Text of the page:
In 1978, I wrote a piece called Four Persian Folk Songs for voice and piano. The success of this piece encouraged me to continue composing pieces based on Persian folk songs. This was the start of a continuing cycle of Persian Folk Songs and I have composed 16 sets of these folk songs encompassing close to one hundred songs. Each set consists of four to eight songs. The early sets were for voice and piano. Then I started expanding to composing songs for voice and orchestra, voice and chamber ensemble, and instrumental pieces without voice (songs without words). Because of their simple forms, folk songs are great raw material to be superimposed on a western harmony or even a modern harmony and orchestration.
I imagine that it is especially difficult for a composer like you to have his pieces performed. Have you experimented with electronic production of your music?
I amcurrently developing a computer-based Persian keyboard instrument called the “Arghonoon.” The instrument is in its first phase of development but I have established the hardware/software components of the instrument and have been able to tune various western instruments (such as flute, harp, strings, etc.) in Persian tuning, effectively creating a Persian orchestra out of digital samples of the western orchestra. Arghonoon is able to create the Persian intervals with precise accuracy and is already solving many of my problems dealing with the Equal Temperament of the western instruments. In its final stage of development, Arghonoon will be able to produce the sounds of all Persian instruments, western instruments, and many other Asian, African, and Latin American instruments, and it will be able to produce any type of interval tuning with precision and accuracy.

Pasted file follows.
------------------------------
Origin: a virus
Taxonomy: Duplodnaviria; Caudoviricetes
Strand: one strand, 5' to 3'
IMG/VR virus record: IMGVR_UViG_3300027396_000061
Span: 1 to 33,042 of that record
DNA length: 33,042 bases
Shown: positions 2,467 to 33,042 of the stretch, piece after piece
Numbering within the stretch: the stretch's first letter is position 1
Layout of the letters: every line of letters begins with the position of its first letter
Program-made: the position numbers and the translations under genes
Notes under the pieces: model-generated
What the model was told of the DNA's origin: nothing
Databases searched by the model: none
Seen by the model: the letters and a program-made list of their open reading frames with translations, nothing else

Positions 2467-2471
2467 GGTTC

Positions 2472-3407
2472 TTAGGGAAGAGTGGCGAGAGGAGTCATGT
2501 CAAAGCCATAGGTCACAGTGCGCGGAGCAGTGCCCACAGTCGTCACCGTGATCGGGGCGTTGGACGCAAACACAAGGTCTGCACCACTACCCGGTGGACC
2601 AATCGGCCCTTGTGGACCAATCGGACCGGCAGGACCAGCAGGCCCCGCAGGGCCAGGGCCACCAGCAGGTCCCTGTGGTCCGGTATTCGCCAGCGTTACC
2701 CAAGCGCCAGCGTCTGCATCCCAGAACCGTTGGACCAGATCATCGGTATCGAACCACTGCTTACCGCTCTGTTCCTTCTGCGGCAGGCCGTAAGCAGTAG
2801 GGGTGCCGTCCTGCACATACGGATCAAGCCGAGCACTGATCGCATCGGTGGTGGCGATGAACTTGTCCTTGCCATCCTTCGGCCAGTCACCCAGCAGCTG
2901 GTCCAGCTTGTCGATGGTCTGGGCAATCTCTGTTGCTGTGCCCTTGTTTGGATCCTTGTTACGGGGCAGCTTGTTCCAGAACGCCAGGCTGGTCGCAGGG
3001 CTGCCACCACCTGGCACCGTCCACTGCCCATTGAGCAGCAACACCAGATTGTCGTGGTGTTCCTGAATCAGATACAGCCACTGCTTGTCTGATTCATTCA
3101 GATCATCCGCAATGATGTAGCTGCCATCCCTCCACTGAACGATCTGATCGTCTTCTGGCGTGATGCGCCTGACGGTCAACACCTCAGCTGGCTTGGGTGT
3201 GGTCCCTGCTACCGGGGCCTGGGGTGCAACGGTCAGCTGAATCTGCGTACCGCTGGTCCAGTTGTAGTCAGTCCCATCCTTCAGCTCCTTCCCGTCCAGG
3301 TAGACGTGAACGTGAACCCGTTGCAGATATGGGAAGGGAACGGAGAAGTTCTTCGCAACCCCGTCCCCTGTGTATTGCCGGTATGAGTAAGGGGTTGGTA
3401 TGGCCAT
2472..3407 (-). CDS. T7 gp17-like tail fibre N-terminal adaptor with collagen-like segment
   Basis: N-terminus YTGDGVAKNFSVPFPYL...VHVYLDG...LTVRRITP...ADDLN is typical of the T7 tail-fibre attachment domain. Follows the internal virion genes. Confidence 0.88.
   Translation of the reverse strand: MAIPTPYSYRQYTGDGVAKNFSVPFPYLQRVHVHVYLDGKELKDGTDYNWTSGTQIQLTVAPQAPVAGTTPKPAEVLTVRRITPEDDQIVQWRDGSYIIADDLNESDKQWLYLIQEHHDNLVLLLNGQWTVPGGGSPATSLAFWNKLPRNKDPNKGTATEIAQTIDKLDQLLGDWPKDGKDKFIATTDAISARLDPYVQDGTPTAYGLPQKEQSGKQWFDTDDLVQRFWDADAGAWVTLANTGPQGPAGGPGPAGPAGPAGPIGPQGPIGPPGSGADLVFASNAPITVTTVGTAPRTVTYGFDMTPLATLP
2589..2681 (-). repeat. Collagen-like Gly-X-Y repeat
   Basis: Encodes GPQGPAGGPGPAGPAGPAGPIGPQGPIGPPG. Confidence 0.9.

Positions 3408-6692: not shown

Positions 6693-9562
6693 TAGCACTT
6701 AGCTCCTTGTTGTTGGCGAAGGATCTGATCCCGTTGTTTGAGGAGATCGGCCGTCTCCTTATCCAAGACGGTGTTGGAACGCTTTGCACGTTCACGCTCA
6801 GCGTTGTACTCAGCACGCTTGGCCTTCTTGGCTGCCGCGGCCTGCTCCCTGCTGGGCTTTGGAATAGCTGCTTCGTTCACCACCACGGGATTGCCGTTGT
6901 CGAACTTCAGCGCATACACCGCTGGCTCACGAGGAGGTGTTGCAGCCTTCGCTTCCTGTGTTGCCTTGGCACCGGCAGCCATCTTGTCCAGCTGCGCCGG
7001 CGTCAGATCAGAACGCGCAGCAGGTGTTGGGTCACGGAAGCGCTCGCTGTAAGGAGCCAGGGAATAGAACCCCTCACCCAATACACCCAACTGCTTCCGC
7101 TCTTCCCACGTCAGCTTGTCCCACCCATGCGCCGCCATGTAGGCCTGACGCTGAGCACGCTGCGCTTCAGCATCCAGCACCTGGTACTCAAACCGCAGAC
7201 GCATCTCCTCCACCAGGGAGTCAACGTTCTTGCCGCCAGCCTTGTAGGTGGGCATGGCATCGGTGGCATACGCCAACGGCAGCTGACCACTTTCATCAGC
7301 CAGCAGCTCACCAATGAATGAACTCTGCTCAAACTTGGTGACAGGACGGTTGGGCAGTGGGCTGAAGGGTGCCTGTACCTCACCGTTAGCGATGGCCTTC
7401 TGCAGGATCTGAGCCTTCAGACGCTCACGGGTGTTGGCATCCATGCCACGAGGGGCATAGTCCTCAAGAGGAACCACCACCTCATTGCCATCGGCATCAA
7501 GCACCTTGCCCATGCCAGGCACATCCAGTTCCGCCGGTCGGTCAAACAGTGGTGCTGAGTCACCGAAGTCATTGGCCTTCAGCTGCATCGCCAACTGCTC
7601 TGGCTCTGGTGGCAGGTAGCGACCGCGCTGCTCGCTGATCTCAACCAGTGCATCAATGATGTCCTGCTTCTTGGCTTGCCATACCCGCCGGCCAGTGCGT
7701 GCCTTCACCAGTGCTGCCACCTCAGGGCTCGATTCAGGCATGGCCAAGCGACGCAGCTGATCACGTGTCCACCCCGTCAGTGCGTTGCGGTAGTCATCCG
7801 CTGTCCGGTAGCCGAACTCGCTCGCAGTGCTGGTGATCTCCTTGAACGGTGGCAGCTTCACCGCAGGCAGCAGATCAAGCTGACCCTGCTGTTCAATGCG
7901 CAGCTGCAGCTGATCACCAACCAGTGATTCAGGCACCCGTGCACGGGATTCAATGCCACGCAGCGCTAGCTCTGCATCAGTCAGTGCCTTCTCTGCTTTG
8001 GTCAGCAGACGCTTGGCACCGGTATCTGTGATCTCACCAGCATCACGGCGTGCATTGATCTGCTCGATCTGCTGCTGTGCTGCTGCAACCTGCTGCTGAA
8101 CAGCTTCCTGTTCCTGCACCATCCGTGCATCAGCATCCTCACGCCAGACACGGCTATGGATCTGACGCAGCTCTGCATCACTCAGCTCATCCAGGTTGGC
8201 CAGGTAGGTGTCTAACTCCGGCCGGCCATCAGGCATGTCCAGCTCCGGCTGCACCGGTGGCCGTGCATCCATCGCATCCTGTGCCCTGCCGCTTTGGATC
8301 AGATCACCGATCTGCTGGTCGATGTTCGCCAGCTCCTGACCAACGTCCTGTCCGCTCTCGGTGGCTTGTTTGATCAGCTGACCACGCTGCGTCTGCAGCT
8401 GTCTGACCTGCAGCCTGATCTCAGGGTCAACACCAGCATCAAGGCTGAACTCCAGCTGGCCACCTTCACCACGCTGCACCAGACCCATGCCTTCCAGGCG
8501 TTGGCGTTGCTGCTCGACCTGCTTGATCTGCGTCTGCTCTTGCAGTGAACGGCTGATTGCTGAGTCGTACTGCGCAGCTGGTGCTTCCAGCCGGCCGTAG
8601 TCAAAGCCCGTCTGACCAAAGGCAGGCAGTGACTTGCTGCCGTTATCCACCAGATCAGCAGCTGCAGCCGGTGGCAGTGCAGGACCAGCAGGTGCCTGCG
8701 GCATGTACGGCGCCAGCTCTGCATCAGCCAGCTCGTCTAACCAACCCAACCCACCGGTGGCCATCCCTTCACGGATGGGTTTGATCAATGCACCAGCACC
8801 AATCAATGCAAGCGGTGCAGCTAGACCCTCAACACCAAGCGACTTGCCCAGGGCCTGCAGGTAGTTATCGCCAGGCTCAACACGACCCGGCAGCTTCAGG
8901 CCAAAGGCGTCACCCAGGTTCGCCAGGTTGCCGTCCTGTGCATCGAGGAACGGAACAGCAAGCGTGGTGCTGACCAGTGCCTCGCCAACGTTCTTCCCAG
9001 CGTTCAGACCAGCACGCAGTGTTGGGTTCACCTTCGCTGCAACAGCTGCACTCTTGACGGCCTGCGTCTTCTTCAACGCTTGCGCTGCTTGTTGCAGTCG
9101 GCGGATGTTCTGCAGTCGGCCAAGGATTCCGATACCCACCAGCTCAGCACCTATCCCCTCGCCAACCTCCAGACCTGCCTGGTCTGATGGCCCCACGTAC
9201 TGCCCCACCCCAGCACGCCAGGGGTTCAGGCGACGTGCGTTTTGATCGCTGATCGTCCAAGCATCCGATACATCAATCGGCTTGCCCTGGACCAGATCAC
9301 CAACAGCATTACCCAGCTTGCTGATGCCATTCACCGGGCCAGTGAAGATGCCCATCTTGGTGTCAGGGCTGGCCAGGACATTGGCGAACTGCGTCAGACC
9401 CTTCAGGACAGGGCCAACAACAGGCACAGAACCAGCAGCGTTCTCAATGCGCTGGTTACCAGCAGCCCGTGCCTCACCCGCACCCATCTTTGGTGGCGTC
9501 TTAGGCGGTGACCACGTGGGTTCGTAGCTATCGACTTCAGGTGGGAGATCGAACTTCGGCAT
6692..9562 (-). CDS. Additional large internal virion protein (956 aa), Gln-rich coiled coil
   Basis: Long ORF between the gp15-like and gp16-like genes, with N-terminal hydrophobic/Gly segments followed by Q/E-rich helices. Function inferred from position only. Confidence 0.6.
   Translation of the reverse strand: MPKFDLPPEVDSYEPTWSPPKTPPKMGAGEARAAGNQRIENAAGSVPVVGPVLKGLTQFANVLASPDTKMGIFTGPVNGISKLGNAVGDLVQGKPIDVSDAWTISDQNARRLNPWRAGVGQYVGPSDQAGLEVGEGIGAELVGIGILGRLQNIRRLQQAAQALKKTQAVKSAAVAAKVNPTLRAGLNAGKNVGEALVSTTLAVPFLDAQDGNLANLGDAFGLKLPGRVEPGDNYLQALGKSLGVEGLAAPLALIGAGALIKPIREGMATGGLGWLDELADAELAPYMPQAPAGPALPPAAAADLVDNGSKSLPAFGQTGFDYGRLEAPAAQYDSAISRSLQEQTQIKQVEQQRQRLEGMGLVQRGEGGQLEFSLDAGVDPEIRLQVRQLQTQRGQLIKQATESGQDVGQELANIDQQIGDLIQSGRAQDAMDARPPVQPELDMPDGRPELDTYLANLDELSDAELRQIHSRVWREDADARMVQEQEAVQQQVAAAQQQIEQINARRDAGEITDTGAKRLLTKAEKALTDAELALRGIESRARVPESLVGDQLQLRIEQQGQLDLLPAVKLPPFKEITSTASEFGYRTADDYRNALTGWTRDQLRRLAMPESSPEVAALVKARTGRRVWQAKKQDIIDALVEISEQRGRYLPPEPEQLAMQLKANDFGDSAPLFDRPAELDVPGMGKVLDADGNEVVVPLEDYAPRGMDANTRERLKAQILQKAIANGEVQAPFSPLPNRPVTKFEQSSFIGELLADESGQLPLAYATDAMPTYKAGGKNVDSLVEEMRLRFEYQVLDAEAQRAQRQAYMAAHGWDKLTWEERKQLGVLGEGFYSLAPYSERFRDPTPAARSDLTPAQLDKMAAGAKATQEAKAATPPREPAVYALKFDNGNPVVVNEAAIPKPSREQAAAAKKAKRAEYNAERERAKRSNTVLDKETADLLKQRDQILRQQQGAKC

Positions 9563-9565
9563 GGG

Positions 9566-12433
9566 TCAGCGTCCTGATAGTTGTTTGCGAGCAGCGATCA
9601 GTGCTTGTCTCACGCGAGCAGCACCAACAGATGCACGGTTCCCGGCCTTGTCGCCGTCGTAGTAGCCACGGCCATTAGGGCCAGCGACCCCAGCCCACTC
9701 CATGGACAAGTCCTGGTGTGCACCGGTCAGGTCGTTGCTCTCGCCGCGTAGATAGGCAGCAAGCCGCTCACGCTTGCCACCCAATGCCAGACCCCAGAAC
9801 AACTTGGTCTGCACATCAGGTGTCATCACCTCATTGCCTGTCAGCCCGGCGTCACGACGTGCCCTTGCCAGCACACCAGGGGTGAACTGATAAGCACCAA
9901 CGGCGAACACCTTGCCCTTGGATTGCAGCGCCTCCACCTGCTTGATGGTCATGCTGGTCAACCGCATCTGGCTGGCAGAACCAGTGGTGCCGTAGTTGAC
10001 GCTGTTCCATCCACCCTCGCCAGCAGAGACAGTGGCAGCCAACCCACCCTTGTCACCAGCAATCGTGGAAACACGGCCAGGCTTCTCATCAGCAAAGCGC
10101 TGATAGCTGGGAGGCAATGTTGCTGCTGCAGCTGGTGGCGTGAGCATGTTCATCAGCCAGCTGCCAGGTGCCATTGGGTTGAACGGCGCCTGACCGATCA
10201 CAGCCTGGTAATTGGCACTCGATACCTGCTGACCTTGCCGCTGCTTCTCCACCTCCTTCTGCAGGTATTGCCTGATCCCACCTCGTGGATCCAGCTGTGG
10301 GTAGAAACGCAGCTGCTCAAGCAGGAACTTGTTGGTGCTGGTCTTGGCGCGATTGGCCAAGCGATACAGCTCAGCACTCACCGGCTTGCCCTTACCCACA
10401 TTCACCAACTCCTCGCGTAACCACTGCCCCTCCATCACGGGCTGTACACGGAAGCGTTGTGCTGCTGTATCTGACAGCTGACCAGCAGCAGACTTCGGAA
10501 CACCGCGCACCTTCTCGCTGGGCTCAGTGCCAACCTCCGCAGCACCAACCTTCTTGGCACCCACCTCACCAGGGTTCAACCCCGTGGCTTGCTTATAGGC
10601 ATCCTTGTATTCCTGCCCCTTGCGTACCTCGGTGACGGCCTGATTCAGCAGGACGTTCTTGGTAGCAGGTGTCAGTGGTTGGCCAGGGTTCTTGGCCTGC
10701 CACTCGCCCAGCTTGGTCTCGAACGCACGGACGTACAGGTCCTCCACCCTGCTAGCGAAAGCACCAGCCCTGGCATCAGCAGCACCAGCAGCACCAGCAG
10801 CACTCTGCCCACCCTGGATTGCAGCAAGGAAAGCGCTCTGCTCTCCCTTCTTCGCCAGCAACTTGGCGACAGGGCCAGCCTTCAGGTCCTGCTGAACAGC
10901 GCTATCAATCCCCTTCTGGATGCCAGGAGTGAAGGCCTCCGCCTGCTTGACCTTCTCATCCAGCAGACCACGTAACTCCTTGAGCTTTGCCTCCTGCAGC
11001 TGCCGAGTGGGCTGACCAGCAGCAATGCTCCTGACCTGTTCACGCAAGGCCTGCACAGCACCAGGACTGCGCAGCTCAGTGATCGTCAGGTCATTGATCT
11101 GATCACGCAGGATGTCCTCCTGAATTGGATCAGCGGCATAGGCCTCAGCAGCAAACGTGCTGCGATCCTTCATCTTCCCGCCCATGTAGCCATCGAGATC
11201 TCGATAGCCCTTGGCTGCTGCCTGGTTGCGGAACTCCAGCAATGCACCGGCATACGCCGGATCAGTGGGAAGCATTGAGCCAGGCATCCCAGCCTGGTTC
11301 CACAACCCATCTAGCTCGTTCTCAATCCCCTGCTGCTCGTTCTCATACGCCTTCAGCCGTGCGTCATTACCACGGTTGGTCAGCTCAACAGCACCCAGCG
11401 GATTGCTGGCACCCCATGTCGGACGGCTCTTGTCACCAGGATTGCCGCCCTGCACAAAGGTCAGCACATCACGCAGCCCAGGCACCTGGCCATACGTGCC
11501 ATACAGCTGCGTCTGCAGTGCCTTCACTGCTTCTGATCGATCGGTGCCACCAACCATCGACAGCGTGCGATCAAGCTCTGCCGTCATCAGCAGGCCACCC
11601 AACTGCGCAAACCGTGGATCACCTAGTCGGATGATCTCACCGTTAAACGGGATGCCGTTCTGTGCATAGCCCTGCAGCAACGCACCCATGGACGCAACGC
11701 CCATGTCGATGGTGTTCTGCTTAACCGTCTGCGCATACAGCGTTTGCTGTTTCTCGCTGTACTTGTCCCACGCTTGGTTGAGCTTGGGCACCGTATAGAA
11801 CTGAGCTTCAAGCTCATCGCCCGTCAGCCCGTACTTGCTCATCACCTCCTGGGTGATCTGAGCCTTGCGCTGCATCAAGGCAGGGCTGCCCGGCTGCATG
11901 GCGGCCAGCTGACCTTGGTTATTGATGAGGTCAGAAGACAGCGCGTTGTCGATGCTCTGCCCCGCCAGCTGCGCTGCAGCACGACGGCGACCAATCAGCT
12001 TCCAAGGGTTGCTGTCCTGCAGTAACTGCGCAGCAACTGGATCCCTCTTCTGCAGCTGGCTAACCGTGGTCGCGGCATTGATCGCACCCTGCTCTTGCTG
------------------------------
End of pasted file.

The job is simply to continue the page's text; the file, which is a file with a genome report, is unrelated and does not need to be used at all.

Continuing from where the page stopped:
What pieces are you working on now?
I have recently finished a piece for three flutes, based on Dashti. I have also started another piece for six wind instruments and three percussion players based on Esfahan.